An alert citizenry can be effective

It is becoming increasingly clear that Kaua‘i is becoming an economic battleground. On the one hand are those who would exploit the island for financial opportunities arising from its beauty, climate and rural nature. On the other hand there is the large preponderance of its residents who would prefer that Kaua‘i remain without any further major commercial development.

As is usual in this type of combat those resisting commercialization of our island are neither well-organized nor politically effective. Those who are willing to deploy their financial resources to pursue development and curry political favor have the upper hand.

One arena where the condition of our island is contested is before the Planning Commission. At its regular weekly meetings the drama is played out with developers and their retained counsel offering programs to change presently unimproved land into hotels, resorts, time shares or subdivisions. It is an uneven struggle. The commission is obliged to act in accordance with the laws that the County Council has established to achieve what is called zoning. In consequence the function of the commission has ceased to be planning for our county and has become an agency for “permitting” development. The requirements for a position on the Planning Commission are not neutral. At present members of the commission may be developers, contractors, architects and others who have a vested interest and an economic stake in seeing development occur on Kaua‘i. The playing field should be made more level with a requirement that eliminates from the commission those with a conflict of interest.

The body, though, that has the real power to control the amount of construction on our island is the County Council. Under state law the council is the agency that is authorized to engage in long range zoning in accordance with a comprehensive general plan. Its efforts have created a structure that establishes certain density and use frameworks, but is most permissive of development whenever an organization with financial means desires to pursue it. In this climate developments have been approved that are opposed by citizens affected by them and which exceed the capacities of our island infrastructure. A painfully evident result of this haphazard pattern is the traffic congestion that engulfs Kapa‘a and certain other areas.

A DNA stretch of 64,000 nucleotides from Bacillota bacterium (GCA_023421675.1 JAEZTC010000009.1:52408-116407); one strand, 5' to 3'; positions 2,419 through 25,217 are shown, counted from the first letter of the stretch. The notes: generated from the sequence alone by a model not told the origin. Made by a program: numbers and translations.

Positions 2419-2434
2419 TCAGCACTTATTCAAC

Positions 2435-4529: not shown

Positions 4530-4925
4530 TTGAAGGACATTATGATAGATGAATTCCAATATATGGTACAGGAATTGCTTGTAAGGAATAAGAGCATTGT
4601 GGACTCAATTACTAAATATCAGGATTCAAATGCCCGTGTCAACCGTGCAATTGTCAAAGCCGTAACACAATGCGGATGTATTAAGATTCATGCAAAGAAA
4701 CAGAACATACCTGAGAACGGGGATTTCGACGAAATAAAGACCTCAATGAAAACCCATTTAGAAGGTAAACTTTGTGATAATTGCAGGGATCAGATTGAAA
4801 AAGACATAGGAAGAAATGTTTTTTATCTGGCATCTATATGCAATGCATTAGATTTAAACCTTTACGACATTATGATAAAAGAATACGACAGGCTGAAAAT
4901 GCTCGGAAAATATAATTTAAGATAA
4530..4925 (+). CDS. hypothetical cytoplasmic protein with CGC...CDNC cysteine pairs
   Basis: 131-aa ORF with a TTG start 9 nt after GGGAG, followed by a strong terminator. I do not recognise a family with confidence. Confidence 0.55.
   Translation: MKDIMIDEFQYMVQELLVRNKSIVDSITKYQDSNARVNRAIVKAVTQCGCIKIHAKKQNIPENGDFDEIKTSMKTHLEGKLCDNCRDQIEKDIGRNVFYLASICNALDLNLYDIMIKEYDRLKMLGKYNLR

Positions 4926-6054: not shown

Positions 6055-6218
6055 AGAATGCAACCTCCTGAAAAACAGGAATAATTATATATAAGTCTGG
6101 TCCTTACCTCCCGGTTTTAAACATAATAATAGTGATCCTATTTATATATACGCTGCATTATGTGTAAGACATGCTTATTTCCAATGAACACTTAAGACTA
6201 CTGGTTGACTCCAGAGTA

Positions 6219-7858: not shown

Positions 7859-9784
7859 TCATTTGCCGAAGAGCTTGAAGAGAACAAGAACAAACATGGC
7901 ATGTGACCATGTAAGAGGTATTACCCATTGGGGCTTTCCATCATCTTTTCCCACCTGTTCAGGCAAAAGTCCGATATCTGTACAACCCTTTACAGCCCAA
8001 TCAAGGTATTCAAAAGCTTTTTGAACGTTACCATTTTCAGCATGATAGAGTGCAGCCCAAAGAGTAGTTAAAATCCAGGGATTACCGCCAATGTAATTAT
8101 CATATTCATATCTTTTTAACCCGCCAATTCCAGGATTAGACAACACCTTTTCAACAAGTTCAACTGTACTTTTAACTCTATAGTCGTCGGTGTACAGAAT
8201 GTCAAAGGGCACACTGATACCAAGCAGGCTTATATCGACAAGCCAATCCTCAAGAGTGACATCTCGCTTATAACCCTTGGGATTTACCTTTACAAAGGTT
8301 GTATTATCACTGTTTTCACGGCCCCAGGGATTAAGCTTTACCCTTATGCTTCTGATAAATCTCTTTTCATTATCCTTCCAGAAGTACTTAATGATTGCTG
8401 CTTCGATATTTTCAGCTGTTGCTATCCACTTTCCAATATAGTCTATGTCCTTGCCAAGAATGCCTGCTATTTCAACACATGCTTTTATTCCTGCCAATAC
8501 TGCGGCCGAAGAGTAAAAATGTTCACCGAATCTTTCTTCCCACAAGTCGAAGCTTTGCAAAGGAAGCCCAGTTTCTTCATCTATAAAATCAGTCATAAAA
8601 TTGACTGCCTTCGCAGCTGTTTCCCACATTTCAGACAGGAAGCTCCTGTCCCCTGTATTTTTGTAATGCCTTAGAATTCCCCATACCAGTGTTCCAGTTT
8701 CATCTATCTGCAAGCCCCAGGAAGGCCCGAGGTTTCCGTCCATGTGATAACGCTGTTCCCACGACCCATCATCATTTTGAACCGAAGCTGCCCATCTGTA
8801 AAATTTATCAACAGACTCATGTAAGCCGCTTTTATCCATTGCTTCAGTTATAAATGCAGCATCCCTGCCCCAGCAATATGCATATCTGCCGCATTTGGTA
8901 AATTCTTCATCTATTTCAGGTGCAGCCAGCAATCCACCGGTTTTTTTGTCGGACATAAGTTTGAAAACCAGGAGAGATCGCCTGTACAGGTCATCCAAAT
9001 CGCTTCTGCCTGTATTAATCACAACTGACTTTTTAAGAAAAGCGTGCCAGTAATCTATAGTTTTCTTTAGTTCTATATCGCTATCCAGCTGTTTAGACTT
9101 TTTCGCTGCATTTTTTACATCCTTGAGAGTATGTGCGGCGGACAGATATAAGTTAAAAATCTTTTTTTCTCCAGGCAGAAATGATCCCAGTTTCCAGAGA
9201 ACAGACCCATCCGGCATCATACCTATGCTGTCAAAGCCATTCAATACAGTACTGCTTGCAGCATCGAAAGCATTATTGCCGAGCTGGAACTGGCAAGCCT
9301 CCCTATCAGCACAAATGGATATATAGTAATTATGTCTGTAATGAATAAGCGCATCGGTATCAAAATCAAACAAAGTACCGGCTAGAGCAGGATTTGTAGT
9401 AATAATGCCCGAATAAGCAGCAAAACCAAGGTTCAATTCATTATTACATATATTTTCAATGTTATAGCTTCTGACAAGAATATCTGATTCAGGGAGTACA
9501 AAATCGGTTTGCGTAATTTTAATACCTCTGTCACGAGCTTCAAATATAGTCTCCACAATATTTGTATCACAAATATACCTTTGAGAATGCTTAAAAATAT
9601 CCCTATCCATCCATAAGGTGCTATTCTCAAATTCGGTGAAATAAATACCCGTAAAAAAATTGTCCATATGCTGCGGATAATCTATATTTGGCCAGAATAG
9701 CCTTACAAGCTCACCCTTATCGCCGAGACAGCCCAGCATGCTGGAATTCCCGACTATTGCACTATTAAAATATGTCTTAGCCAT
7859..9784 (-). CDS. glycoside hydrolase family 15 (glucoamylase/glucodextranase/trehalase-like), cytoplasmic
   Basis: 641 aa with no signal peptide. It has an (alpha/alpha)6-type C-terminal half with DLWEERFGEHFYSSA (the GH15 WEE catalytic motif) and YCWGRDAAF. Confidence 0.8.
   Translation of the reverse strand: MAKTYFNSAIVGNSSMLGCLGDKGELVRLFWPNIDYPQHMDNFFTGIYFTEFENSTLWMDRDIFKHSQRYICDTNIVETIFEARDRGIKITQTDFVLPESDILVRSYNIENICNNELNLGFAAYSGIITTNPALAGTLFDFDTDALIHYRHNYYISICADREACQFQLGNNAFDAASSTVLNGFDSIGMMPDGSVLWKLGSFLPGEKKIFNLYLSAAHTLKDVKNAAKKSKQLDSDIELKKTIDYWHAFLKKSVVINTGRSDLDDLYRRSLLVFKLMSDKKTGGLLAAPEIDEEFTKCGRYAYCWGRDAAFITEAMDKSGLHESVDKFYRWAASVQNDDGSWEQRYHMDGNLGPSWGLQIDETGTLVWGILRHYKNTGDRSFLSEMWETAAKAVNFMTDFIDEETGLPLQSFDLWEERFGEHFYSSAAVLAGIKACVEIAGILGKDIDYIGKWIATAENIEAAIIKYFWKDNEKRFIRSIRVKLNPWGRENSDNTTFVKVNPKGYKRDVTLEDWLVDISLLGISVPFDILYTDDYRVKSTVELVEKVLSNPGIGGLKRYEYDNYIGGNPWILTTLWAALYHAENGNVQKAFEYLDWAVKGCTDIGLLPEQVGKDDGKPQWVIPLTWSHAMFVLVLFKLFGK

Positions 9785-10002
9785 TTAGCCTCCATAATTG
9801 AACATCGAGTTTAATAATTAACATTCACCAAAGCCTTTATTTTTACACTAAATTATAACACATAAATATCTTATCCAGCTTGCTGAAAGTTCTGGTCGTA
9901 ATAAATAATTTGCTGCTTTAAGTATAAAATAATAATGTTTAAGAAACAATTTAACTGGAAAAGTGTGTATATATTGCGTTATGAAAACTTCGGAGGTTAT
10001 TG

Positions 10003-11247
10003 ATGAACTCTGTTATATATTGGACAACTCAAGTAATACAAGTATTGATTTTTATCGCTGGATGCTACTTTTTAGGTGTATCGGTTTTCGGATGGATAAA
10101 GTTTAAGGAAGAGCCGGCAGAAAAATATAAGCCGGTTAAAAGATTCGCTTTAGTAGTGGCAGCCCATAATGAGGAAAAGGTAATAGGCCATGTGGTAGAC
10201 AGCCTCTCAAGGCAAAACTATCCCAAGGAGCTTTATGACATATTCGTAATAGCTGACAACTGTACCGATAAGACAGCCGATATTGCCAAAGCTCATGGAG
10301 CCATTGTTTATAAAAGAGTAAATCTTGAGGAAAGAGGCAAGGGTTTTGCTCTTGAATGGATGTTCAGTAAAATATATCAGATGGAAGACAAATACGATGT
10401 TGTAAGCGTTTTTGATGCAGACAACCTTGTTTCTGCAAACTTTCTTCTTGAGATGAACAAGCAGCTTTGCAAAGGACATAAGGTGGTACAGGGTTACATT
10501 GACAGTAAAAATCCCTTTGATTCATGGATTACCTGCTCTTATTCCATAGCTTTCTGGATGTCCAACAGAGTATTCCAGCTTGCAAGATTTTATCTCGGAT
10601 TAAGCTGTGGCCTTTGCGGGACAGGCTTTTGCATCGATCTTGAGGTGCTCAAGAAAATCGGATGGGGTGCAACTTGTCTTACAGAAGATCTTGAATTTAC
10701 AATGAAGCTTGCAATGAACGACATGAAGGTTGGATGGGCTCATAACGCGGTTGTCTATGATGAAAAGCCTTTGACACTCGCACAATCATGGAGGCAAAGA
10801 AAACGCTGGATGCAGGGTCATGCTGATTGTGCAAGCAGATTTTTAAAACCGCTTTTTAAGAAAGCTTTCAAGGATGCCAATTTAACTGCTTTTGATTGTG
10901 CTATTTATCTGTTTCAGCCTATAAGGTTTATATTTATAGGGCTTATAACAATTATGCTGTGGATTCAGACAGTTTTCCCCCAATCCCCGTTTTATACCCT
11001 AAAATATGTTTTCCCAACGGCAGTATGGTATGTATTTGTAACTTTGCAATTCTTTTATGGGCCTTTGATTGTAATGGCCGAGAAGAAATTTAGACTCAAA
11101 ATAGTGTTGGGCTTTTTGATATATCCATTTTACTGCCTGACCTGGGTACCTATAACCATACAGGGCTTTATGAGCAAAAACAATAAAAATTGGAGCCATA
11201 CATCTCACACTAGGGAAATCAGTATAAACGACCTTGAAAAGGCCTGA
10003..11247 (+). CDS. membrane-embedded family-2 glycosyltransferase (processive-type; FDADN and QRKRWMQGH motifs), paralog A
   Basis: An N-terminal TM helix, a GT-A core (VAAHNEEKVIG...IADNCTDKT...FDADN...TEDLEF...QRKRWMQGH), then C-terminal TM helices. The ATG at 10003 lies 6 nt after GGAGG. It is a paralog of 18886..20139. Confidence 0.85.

While the hour is late, an alert citizenry could act to reverse the largely unrestricted avenues used to accomplish unwanted developments on Kaua‘i. We do not need to stop all development — we need to redirect it. There are perhaps 2,000 accommodation units required to provide affordable housing for a community that is unable to pay for the expensive properties that the developers find attractive.

It is unrealistic to think that our Council which is bogged down with a variety of other issues such as the bike path and vacation rentals would take action without major prodding from our citizens. But if a representative group of our community who cares about the future of our island was to place a thoughtful program of reforms before the council and demonstrate a firm conviction that they need to be adopted the tide might be turned. The requisite action should include a reformation of the makeup of the Planning Commission (as above mentioned), a requirement that the Planning Commission and the council approve by a super majority vote any major development, a mandated impact fee for costlier accommodations and commercial developments with the proceeds earmarked for subsidizing affordable housing, and a limited moratorium on construction pending alleviation of infrastructure disorders, principally traffic.

Such a program would no doubt be met with howls of anguish and counter attack by developers. Our citizens should stand firm and urge the council to act in accordance with the will of their constituents, the great preponderance of the people. Perhaps the willingness of the council to proceed could be strengthened if they were made aware that the people would be prepared, if necessary, to use their petition rights in a charter amendment to achieve their objectives.

Or maybe we should stand aside and just let nature take its course allowing development to proceed as it is now able to do. It is a test of how we wish to be governed, how much we value the heritage we are enjoying and whether we are sincerely concerned about the future welfare of our society.

• Walter Lewis is a resident of Princeville and writes a bi-weekly column for The Garden Island.


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